It’s cold. It’s grey. It’s dreary. The lights and sparkle of Christmas are gone and the January blues are setting in deeply for many people.
Add to this the uncertainty and upheaval of a COVID-weary world and the political instability of the past two years and we have a recipe for serious mental health challenges among even the most resilient people.
These cold winter months after the holidays are notorious for people self-reporting poor mental health.
But what can you do to be proactive about your mental health? Just like physical wellness, mental wellness requires effort and the two are interrelated.
It’s well known that physical activity is associated with improved mood and feelings of well-being. Numerous studies have shown that exercise boosts mood, lowers stress levels and even improves cognitive functions like attention, memory and problem solving.
For starters, according to a study published in the journal Brain Plasticity, exercise can increase our brains’ production of the neurotransmitters dopamine and serotonin. Dopamine is a chemical associated with motivation, reward and attention and serotonin helps regulate sleep, emotions, and appetite.
But with gyms closed and challenging winter weather, people are tempted to become sedentary at this time of year. You can always bundle up and try out some winter activities like snowshoeing, ice skating, and cross-country skiing.
Local ponds are also frozen so check them out and go for a skate! If you’re not a fan of the cold weather, you can try some indoor exercise. Put some music on and dance with the kids. Play with your pets. Do some intense cleaning and tackle long held off organizing projects. And good old aerobics in front of the TV are an option, too. YouTube has plenty of free aerobics videos to help you get moving.
With all that activity, you’re going to need some nutritious food to keep you going. And it’s well known that eating healthfully is connected to feelings of well-being.
The diet and mental wellness connection goes far beyond limiting junk food.
There is a lot of emerging research that the gut-brain connection is very powerful. They are physically connected through millions of nerves. There is a large presence of neurotransmitters in the gut, such as serotonin and dopamine, and a whole branch of medicine is devoted to the gut-brain connection, called neurogastroenterology.
Teri Morrow, a Haudenosaunee dietitian, says food plays a vital role in mental well-being.
“Just as the chemical composition of the tears and blood of our ancestors brought forth life here, the chemical composition of the foods we eat today are also just as important in feeding our body and mind so they can work effectively together. Various B vitamins, such as thiamine, riboflavin, vitamin B6 and vitamin B12, help to make DNA, a building block of cellular function, the insulation and covering of our neurons; that help to send messaged from the mind to the body and back efficiently. These messengers are called neurotransmitters and they can change our mood. The mood-altering messengers need vitamin D to help make enzymes that help produce neurotransmitters like dopamine and noradrenaline. When we don’t have enough of these messengers we can develop mood disorders such as depression and anxiety.”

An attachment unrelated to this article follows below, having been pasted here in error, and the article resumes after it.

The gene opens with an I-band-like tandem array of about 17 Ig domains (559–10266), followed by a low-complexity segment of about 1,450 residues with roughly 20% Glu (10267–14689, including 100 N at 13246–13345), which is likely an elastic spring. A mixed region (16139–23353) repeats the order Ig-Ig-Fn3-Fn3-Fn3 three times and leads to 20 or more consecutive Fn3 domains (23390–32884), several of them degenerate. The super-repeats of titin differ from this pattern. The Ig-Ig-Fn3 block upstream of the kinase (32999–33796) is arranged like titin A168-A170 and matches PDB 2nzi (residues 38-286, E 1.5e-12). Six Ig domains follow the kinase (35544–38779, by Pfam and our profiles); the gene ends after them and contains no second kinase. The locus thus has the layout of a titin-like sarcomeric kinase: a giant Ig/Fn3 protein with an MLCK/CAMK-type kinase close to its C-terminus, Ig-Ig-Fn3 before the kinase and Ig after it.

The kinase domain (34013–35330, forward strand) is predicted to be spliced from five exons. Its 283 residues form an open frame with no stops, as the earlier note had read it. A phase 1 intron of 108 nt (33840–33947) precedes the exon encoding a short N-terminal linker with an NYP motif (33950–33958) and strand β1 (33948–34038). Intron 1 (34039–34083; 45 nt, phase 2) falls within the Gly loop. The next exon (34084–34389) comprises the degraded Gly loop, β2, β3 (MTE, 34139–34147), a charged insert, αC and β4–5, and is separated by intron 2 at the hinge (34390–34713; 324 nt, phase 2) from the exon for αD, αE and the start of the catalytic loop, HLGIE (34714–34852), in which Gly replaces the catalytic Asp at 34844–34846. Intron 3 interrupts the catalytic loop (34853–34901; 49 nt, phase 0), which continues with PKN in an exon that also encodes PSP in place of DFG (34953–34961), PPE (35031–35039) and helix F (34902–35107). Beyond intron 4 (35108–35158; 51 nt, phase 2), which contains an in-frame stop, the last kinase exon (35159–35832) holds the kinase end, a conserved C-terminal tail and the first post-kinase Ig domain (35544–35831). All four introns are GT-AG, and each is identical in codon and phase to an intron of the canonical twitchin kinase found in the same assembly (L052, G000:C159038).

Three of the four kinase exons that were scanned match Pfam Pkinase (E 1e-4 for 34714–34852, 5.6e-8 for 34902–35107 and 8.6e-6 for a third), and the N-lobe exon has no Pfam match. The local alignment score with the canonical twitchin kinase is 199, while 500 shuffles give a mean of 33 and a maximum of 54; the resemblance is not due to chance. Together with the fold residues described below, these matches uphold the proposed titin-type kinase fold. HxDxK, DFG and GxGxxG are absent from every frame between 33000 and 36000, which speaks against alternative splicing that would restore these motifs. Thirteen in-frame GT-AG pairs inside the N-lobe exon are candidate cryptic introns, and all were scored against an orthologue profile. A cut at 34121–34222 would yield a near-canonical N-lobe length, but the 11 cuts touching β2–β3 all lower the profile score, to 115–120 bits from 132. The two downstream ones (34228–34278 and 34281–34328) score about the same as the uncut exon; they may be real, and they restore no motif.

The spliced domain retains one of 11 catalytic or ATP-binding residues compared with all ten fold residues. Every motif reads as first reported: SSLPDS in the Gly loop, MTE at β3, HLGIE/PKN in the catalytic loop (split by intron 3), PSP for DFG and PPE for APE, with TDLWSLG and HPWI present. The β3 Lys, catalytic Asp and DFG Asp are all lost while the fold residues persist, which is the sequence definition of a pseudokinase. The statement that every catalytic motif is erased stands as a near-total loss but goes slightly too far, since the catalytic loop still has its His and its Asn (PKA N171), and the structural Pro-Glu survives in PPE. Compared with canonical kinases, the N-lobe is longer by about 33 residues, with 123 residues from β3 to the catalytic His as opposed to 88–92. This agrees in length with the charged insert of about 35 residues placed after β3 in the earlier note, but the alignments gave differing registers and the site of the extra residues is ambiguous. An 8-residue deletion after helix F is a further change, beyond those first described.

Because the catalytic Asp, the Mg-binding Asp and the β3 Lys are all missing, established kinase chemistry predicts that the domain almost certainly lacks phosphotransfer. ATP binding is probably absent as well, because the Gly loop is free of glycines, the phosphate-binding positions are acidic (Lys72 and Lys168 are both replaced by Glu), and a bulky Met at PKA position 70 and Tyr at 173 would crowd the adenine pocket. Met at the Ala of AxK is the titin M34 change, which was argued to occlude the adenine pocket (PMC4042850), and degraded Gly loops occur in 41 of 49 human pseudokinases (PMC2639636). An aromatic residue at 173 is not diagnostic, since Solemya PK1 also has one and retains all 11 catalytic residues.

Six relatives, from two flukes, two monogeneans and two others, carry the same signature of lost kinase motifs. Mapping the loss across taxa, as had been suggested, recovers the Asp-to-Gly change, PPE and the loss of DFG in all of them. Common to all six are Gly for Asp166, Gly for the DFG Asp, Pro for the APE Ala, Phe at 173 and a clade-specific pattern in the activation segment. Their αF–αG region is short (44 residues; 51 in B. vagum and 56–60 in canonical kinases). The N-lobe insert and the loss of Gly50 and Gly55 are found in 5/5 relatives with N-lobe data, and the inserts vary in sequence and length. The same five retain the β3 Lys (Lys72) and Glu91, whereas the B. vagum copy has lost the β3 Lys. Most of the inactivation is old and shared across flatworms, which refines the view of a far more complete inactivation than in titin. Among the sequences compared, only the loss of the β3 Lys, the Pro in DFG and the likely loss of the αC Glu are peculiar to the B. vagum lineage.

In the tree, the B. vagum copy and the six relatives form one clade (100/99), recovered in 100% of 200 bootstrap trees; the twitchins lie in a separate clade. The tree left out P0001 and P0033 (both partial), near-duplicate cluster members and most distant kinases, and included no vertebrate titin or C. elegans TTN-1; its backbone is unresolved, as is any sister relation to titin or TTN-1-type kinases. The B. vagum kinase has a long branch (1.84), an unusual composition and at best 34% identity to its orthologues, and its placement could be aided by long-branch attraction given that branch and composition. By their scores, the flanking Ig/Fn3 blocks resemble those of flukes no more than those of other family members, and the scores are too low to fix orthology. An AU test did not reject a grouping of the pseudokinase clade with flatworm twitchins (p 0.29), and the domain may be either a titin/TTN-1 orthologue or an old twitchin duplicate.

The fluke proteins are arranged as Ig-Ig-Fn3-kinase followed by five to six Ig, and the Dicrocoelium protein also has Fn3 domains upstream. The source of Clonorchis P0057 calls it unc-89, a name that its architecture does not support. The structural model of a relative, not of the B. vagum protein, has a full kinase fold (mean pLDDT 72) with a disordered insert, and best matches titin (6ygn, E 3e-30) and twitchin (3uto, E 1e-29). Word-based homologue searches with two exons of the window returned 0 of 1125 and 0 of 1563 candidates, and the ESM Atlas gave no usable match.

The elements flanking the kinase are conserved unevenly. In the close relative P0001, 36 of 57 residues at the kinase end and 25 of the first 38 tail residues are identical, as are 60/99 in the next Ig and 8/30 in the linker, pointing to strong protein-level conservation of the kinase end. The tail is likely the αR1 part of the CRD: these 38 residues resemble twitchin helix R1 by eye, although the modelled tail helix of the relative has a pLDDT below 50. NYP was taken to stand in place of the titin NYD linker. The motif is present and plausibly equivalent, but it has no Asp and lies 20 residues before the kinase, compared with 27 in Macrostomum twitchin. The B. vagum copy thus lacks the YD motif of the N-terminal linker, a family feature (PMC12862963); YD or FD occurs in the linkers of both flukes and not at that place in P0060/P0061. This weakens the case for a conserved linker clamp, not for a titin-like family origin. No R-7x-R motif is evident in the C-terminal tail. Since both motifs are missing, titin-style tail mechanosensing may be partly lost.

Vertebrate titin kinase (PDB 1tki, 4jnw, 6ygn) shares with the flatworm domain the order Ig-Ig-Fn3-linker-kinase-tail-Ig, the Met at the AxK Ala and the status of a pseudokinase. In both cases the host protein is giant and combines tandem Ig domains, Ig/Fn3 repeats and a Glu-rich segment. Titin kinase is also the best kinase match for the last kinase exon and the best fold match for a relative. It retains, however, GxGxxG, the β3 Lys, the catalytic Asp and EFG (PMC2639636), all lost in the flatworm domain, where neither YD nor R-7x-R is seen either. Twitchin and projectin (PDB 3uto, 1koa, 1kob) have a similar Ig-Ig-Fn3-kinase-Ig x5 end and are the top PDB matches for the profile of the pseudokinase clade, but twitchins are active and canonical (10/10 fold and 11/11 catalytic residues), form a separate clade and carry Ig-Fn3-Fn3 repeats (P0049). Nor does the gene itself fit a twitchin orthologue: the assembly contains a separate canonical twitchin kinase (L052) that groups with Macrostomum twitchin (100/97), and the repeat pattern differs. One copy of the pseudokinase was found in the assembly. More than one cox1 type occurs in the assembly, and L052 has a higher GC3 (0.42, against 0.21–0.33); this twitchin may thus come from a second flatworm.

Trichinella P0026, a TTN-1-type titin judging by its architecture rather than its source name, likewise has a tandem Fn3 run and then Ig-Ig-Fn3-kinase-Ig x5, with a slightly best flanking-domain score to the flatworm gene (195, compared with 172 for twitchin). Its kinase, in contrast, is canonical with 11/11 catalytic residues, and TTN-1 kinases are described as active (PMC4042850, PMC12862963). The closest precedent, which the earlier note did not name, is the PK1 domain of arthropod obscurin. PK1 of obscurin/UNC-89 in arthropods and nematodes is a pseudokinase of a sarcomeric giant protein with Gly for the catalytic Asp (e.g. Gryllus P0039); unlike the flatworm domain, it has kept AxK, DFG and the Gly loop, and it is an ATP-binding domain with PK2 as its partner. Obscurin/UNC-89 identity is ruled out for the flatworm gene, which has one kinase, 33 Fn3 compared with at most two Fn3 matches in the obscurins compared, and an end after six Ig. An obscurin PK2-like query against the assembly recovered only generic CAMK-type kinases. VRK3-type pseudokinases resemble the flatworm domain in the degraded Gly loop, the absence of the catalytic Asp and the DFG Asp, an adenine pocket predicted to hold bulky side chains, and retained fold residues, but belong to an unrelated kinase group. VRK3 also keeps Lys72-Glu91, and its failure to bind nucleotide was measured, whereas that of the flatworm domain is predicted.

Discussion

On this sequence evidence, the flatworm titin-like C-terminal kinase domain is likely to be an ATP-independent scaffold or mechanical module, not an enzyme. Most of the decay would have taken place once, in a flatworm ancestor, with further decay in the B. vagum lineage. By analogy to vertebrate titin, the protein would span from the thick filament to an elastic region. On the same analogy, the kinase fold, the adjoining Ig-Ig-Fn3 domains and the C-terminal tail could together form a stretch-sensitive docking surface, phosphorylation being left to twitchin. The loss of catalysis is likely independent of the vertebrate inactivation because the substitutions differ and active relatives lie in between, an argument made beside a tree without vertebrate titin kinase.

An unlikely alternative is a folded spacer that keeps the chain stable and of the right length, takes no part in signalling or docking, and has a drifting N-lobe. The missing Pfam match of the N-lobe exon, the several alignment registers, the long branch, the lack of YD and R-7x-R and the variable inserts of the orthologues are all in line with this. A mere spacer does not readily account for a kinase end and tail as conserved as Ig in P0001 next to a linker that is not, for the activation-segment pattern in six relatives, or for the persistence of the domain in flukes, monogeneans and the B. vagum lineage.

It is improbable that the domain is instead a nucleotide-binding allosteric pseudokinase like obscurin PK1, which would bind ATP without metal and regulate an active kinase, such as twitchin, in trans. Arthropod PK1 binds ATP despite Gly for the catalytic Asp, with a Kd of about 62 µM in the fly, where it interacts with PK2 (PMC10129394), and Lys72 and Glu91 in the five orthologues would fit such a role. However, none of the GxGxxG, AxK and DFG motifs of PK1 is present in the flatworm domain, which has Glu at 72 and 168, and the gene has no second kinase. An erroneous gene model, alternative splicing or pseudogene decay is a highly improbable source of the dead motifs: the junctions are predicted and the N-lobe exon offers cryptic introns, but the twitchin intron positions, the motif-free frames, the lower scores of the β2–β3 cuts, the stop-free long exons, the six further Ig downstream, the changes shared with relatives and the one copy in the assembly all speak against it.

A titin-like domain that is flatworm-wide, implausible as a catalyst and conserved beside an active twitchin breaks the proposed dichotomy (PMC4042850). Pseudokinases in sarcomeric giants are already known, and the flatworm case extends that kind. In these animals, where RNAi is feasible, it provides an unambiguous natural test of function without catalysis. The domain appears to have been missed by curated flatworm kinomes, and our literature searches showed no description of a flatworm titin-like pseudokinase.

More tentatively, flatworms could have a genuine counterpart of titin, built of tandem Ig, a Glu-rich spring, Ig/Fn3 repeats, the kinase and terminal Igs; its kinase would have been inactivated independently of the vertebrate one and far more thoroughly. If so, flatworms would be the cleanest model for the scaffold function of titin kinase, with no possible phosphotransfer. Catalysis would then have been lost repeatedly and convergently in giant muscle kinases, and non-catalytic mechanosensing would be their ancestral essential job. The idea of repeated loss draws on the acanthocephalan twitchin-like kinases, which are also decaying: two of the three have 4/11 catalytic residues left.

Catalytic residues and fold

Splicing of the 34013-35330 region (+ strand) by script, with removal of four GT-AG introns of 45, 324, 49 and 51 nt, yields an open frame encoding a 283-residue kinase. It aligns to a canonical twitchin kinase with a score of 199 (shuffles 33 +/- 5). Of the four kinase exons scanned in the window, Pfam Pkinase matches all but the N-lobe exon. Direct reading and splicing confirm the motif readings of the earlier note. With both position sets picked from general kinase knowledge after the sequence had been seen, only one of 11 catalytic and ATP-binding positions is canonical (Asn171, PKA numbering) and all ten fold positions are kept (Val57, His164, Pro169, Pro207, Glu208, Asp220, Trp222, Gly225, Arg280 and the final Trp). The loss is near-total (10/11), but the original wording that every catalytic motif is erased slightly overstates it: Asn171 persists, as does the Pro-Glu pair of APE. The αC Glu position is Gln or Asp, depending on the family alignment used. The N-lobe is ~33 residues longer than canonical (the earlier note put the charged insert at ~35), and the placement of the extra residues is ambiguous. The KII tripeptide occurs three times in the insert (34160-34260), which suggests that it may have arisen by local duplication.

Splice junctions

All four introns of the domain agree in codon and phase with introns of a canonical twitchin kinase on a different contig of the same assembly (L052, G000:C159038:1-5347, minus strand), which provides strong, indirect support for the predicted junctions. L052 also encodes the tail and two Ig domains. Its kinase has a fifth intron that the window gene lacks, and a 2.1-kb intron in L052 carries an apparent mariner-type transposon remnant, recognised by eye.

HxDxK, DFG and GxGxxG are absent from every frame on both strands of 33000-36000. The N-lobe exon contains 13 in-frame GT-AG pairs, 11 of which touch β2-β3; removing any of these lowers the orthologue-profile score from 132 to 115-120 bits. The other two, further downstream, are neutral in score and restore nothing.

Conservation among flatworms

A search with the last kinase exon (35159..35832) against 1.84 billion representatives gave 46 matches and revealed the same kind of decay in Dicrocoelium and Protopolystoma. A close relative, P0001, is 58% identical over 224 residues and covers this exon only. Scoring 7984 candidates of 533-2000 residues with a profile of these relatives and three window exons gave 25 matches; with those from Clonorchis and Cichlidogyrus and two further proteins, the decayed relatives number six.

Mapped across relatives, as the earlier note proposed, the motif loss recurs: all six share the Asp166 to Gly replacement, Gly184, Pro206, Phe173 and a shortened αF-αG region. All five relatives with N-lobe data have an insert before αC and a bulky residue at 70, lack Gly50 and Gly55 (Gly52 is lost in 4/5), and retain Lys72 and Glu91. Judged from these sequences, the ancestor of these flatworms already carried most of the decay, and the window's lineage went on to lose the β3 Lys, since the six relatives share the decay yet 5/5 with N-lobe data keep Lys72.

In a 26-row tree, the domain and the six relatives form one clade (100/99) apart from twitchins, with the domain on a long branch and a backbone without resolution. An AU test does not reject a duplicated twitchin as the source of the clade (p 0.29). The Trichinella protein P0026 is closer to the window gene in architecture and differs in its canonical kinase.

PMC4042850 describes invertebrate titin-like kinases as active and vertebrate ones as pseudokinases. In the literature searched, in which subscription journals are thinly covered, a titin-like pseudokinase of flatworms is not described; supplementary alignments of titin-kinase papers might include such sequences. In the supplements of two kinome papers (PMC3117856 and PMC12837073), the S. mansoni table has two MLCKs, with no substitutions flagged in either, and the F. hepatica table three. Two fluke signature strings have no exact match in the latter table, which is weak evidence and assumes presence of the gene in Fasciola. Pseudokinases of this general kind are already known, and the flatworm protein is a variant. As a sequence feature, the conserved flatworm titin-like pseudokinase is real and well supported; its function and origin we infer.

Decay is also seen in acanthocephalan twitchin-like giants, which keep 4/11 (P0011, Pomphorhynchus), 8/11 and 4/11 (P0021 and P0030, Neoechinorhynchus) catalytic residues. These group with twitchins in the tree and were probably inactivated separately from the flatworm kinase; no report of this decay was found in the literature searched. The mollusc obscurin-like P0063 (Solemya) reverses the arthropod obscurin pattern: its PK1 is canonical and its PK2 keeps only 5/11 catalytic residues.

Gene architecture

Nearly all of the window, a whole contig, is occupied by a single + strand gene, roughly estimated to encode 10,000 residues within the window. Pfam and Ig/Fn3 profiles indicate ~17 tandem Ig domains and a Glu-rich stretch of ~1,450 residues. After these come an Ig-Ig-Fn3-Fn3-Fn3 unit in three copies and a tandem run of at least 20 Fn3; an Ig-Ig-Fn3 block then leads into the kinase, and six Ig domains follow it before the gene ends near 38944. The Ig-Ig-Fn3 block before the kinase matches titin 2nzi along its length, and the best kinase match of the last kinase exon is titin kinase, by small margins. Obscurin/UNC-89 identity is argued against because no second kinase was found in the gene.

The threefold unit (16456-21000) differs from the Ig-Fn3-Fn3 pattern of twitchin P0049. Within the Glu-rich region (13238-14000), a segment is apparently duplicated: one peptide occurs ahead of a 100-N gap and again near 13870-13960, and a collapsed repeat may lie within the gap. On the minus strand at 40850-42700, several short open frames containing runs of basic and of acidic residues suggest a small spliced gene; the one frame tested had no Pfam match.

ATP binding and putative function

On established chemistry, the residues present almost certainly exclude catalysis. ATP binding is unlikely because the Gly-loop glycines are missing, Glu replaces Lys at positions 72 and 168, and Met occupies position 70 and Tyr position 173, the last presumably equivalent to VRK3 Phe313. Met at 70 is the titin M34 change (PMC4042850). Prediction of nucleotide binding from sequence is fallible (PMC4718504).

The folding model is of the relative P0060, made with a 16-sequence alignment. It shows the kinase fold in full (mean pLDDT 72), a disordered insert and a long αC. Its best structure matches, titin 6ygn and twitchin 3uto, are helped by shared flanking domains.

Morrow stresses eating traditional foods as a way to help improve mental well-being.
“Our traditional berries and vegetables produce antioxidants and their job, as delivered in the creation story from Skywoman, help to keep our blood strong and prevent what’s called oxidative stress that can harm our blood. There are microbes in our stomach that help us to break down foods to be used for energy in our body.”
Morrow encourages eating high-fiber foods to keep the gut healthy.
“High-fiber foods support the microbiome-brain-gut-axis that facilitates that communication through hormones between the body and the mind. Aim for 20-30 grams of fibers a day by eating more whole foods and less processed or fast foods that are typically low in nutrients and high in calories. Foundational foods are always important and bringing these traditional foods back to our babies in their first foods and diets is key to encourage their mental health development.”
Fermented foods and foods high in probiotics – “good” bacteria – are also beneficial for gut health. Kefir, a fermented milk drink, is full of billions of gut-healthy probiotics per serving. Yogurt and fermented foods like kimchi, miso and tempeh are also high in good bacteria.
Eating healthfully and getting your body moving are just two lifestyle changes you can make to improve your mental health during these difficult times.
You should also try to maintain contact with friends and family, have a loving animal by your side, set time aside daily for meditation with calming music and candles, and maintain spiritual connections and practices.